Cutting edge veg growing with Garden Organic
Part of the fun of fruit and vegetable growing has to be the opportunity to try out new and exciting varieties of produce to grow at home. So often, though, even if we’re relatively self-sufficient on our veg patch, more exotic herbs and spices still need to be bought in as an addition. According to the well renowned folk at Garden Organic, this need not be the case. So if you fancy widening your horizons, this unique course being held on Thursday July 26 at their gardens in Coventry is certainly well worth a look.
Led by Dr Anton Rosenfeld, who has worked at the organic championing charity for 14 years, the day is designed to show you how to grow many wider vegetables, herbs and spices not commonly associated with being grown in the UK. As Garden Organic explains: “In the last 50 years our culinary horizons have broadened to encompass a wide range of cultures. However, it seems that our growing skills have lagged behind our cooking habits.”
The course is designed for those with some degree of previous gardening know-how (although you don’t need to be especially seasoned to benefit) and passes on the expertise gleaned from Garden Organic’s work with immigrant communities around the Midlands. As such, all the plants covered have a proven track record of growing in the UK, many of which can also be nurtured out in the open, without the need for a polytunnel or greenhouse.
Previous attendees have said how wellpaced the day is, with lots of information covered in an interesting, informative and enjoyable manner. It’s also a great opportunity to visit the charity’s showcase centre at Ryton Gardens in Coventry and to see first-hand the exotic garden they have there in practice.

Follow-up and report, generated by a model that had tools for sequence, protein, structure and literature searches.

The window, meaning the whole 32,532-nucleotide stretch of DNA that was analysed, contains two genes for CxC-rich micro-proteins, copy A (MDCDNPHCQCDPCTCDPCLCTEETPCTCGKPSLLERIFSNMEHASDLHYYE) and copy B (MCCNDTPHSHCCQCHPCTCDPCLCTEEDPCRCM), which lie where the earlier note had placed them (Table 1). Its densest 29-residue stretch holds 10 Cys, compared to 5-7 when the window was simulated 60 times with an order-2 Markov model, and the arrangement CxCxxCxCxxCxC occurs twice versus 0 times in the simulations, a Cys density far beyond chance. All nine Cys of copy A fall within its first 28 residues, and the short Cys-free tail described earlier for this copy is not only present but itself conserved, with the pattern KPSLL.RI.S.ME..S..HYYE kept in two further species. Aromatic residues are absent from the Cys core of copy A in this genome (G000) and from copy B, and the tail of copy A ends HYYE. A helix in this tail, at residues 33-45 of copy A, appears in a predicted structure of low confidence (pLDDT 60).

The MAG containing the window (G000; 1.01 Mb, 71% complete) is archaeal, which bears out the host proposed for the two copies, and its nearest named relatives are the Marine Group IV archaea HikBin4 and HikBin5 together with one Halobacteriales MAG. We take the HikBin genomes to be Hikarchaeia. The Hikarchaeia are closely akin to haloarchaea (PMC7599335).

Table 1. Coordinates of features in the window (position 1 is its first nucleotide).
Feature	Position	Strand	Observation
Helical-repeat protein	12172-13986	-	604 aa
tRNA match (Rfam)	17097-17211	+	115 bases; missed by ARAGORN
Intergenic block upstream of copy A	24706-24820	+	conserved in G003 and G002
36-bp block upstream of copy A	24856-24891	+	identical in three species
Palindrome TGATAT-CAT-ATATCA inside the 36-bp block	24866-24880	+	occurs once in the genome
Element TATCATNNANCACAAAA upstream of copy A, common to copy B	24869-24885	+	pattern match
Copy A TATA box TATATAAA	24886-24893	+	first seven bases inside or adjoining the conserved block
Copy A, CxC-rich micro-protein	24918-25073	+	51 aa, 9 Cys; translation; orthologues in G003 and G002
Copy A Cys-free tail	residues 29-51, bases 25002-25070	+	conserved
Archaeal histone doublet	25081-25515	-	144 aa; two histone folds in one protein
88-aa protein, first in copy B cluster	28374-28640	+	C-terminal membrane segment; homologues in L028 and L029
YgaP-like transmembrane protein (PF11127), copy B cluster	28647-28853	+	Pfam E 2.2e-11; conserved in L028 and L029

Cutting Edge Veg starts by looking at some of the challenges associated with growing non-traditional crops before launching straight into a look at exotic legumes, cucurbits, tubers and roots. They pack in a lot of information in a relatively short space of time, also covering unusual herbs and spices, making garam masala, sowing haloon and taking African kale and lemongrass cuttings. Seed saving is also covered, and at the end of the day you can
go home armed with a variety of factsheets and the inspiration, confidence and know how to give something new a try.
Course leader Anthony has oodles of expertise in growing exotic crops both home and abroad and one of his career highlights over the years has been his involvement in the Sowing New Seeds project where they worked to unearth many of the exciting foods grown by ethnic communities across the Midlands - experience that is at the heart of this course and as Anthony explains: “It is a privilege to share the wealth of knowledge and experiences held within the diverse communities that make up our society and pass it on to others attending this tantalisingly interesting day in July.”
ABOVE: Anton Rosenfeld
INSET TOP RIGHT: Haloon
INSET ABOVE RIGHT: African kale